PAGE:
Introducing Canny 2.0: What’s new (and how we slow-released our product update)

· 6 min read
Introducing Canny 2.0: What’s new (and how we slow-released our product update)

We’re releasing the biggest visual change to Canny since we launched. 

Essentially what we did is moved from a restricted-width layout to a full-width layout. 

I know that doesn’t sound like much, but it’s been an intimidating change to make.

To be clear, this only affects the Canny admin view. Public, end-user views remain unchanged.

From day one, our customers have expressed how much they like Canny for its simplicity and ease of use. With 2.0, we’re trading some simplicity for power.

Having more screen real estate means our customers can see more and do more. We want to pack more power into Canny and the old layout was constricting. 

That said, balancing simplicity and power will always be important to us. That’s why we’ve made incremental changes and we’ve been testing 2.0 for about 8 months.

How we slow-released Canny 2.0

I worked at Facebook where the smallest change could confuse and frustrate millions of users. I knew we’d want to make sure existing customers had plenty of time to get familiar with 2.0.

So, we rolled out 2.0 in phases:

1. Explicit opt-in for the 2.0 beta
We added a button in the account dropdown to opt-in to 2.0.


Some people found the button and tried 2.0. About a month after, we emailed people letting them know about the beta. 

This was the longest phase, lasting about 6 months. We got a lot of feedback and implemented improvements. People always had the option to go back to 1.0.

2. Auto opt-in for new customers
New customers wouldn’t be exposed to 1.0. We wanted to make sure newly onboarded users had a good experience with 2.0.

3. Forced opt-in for existing customers
At this point, we were quite happy with 2.0. We switched people who had never tried 2.0 or had opted-out previously into the beta.


Everyone still had the option to switch back to 1.0—under 10% did.

4. Deprecating 1.0
1.0 served us well but it’s time for Canny’s next phase. We’re closing the chapter on 1.0 so we can fully focus on the new Canny.

What actually changed

I wanted to highlight some significant changes that come with Canny 2.0.

Feedback view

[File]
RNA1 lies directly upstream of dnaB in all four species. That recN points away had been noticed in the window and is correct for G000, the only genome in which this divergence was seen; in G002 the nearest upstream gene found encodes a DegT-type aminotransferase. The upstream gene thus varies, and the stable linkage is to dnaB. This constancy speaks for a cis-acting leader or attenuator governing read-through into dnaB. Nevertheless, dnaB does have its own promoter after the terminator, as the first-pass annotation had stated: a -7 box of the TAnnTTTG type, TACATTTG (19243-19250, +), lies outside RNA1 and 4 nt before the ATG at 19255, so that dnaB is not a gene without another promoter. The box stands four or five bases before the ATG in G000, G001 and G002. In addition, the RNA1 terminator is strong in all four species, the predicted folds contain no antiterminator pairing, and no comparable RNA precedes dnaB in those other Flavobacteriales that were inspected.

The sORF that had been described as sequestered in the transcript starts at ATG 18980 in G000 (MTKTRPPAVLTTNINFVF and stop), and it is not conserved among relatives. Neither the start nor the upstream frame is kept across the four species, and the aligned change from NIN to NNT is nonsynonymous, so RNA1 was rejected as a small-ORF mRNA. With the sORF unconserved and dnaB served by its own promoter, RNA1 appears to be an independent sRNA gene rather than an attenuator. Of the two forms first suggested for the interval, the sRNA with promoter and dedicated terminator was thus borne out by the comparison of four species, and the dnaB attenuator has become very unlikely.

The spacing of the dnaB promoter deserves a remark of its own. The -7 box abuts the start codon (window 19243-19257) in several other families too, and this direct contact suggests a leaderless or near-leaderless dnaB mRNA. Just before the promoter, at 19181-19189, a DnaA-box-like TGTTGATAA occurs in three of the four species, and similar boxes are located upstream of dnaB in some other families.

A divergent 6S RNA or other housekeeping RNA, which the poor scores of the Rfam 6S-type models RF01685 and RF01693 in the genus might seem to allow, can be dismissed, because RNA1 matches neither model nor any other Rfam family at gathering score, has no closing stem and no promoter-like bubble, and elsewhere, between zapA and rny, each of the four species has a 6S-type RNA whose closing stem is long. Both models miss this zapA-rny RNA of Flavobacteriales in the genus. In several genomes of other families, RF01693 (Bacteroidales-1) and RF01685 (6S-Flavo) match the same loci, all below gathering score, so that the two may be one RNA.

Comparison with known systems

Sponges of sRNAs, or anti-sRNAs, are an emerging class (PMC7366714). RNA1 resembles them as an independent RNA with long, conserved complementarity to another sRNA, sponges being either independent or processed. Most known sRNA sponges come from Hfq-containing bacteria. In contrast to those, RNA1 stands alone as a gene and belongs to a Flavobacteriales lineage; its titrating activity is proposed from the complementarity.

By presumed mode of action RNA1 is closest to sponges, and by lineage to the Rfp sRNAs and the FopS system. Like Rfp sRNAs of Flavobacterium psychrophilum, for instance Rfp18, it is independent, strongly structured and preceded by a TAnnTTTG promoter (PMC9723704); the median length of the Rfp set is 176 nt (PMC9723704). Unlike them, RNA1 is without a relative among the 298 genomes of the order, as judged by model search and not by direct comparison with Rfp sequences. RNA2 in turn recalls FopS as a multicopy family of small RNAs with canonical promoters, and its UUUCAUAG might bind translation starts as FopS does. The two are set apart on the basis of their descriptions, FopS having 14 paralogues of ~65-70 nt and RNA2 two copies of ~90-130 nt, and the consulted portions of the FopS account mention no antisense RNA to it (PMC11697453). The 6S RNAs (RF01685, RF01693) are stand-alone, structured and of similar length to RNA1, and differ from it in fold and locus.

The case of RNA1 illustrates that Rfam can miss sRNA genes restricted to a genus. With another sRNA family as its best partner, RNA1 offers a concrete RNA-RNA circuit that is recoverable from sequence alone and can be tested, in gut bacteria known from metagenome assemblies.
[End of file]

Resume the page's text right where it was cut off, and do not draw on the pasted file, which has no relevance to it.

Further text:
We merged the post list view with the posts themselves. It’s now represented more like an inbox where you can easily switch between posts. 

Post views are the most active in Canny so we wanted to make navigating around zippier. 

With this change, we were also able to include:

Voters modal

We moved the voters list from a separate page to a lightweight modal. 

The voters modal supports:

  • Showing the MRR impact of a feature
  • Segmenting voters

Users

Similar to the feedback view, we merged the user list with their profile pages. You can easily select the user you want and view their feedback on the same page.

We also merged in searching for companies/accounts. Searching and selecting a company will show feedback across all the users in that company.

Changelog

Previously, you had to toggle back and forth between markdown and the public preview while drafting changelog entries. Now, you can see the preview as you draft.

Mobile

The 1.0 mobile view was not usable. The 2.0 mobile view is!

Feedback and accepting tradeoffs

As I mentioned, during our 2.0 beta phase, we got a bunch of feedback. 

A lot of it was negative. Most often, we heard that people were overwhelmed by how much information was on screen. 

To combat this negative feedback, we:

  1. Added the ability to collapse a sidebar
  2. Adjusted the layout to introduce more white space
  3. Muted features that could be less prominent

More functionality often means more complexity. We accepted some tradeoffs and did our best to simplify. Overall, we’re trying to make using Canny easier.

We know we’re not going to please everyone—especially people who were used to 1.0. But, these kinds of changes take time to get comfortable with. 

Over time, we also got a bunch of positive feedback:

It’s never easy to make big changes to a product, but we wanted to make decisions that would help Canny continue to grow as a product going forward.

We took it slowly—making sure to roll out in phases and listen to users. From there, we iterated based on that feedback. It was important for us to give our existing customers input in the new Canny they’d be using. 

Canny 2.0 also sets us up for some exciting things we have planned this year. We can’t wait to share them with you!

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Sarah Hum

Hey there, I'm one of the co-founders of Canny. As a founder, I dabble in pretty much everything but my expertise is in product design. Outside work, I enjoy digital illustration, a cappella, and hanging out with our dog, Emmy.

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